Infrastructure transformation enables World Ski Championship region to manage waste sustainably

Industrial equipment firm Atlas Copco writes.

Hosting an international sporting event may bring much-needed revenue to local communities, but it also brings some big challenges – such as the additional strain on local infrastructure. With tens of thousands of people descending on the region of Schladming in Austria for the Alpine Ski World Cup, the local wastewater treatment plant needed to be fit for purpose. To comply with environmental regulations and safeguard the natural beauty of the area, the authorities were keen to minimise any environmental impacts. They also wanted to future-proof the treatment plant so it could be used by multiple local municipalities once the skiing contest was over. Using an Atlas Copco energy storage system and electric pump, they were able to develop a wastewater treatment plant that meets their sustainability goals.

In January 1995, Schladming became a fixed date in the World Cup calendar, and in 2013, with the increased popularity of the venue and a peak in the number of visitors, the new wastewater treatment plant was built. At that time, the new premises needed sufficient capacity to treat waste from a population equivalent of 31,000 people – including the inhabitants of the five largest towns in the region.

After the economic blow caused by the health crisis, the Alpine Ski World Cup returned to Schladming in 2023 under the ‘The Night Race’ concept and brought accommodation bookings back to pre-pandemic figures – with over 20,000 fans in the 2024 edition. In response, the local wastewater treatment plant has undertaken several measures to increase its level of productivity while getting a step closer to achieving energy self-sufficiency.

The operators have taken several measures towards these goals, including the use of the heat generated in the plant’s processes and the integration of solar energy into its power supply system. Photovoltaic panels have been installed on the roofs of several buildings, with a power output of 74kWp. In addition, to manage the power supply of certain operations, the plant has relied on a ZBP energy storage system from Atlas Copco, which can accumulate and deliver renewable energy from the solar array.

The plant was still using a vacuum truck to remove sludge from the digestor tower to a separator unit. This was both expensive and time-consuming. The operators were keen to find a more efficient and cost-efficient way of transferring the sludge during cleaning operations. Georg Bachler, Operations Manager at the Schladming treatment plant, explained: “We were looking for a reliable pump for the digestor that could cope with variable flow and viscosities. It also had to be robust and versatile to be used as a standby unit during maintenance inspections of sewerage operations.”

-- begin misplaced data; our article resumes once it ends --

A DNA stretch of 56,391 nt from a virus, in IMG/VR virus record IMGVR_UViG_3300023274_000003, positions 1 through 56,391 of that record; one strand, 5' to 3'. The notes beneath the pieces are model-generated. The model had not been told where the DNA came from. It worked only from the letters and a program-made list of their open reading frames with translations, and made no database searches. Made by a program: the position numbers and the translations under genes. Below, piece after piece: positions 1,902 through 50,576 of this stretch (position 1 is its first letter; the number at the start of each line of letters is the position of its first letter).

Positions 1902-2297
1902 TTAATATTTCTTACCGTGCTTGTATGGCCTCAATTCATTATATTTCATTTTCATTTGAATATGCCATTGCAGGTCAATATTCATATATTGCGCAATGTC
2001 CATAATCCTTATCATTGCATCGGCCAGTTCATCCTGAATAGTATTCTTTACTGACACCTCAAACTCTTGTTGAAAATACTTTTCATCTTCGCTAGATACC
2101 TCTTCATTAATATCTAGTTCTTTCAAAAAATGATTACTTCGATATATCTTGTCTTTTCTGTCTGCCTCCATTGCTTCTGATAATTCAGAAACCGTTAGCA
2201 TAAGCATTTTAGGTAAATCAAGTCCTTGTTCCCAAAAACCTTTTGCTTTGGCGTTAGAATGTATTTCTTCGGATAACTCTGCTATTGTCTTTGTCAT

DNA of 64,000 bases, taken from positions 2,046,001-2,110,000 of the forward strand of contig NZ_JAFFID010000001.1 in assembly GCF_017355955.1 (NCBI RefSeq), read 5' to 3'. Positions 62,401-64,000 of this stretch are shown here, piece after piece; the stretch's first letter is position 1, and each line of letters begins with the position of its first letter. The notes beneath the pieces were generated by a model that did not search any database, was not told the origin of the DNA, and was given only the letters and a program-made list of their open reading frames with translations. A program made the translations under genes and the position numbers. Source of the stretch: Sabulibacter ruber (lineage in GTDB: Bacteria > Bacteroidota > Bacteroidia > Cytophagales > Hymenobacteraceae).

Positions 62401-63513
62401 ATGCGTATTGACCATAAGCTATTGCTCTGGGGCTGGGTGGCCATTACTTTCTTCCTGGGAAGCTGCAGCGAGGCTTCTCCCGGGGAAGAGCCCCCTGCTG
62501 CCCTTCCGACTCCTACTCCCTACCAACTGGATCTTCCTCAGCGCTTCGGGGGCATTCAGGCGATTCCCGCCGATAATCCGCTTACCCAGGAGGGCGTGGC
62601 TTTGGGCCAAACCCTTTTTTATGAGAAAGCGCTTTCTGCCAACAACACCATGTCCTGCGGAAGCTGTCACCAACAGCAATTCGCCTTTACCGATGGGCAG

They approached Häny Austria GmbH, a specialist in developing pump stations and water turbines, and the exclusive distributor of Atlas Copco’s dewatering solutions in the region. Häny Austria and Atlas Copco collaborated to propose a sustainable and cost-effective solution that would help the Shladming plant optimize its dewatering processes.

Hannes Stolzlechner, CEO at Häny Austria, explains: “This application demanded a powerful, high energy efficiency pump that could cope with variable sludge viscosities and depths without suffering blockages or loss of vacuum. We therefore recommended the Atlas Copco E PAS electric pump. Electric pumps can be switched on and off quickly and cope better with variable flow rates, whereas diesel pumps work best when run at full capacity over prolonged periods. Importantly for this client and their sustainability goals, electric pumps do not involve the storage of fuel on-site, which could be a potential source of contamination if leakage occurred, and they don’t emit exhaust gases during operation. These qualities mean the E PAS pump has no adverse environmental impacts.”

The E PAS self-priming electric pump performs two functions: it makes removal of the waste from the digester tower much faster, easier, and cheaper, and also acts as a standby pump for other pumps at the treatment plant when they experience an outage for maintenance or repair.

Hannes says: “This is the first time we have specified this particular pump for a wastewater treatment plant, but it worked perfectly and handled all the operational variations with ease. They offer excellent performance, reduced footprint and downtime, and a lower total cost of ownership (TCO).”

Find out more about Atlas Copco’s activity in the area of sustainability and enabling  energy-efficient operations here.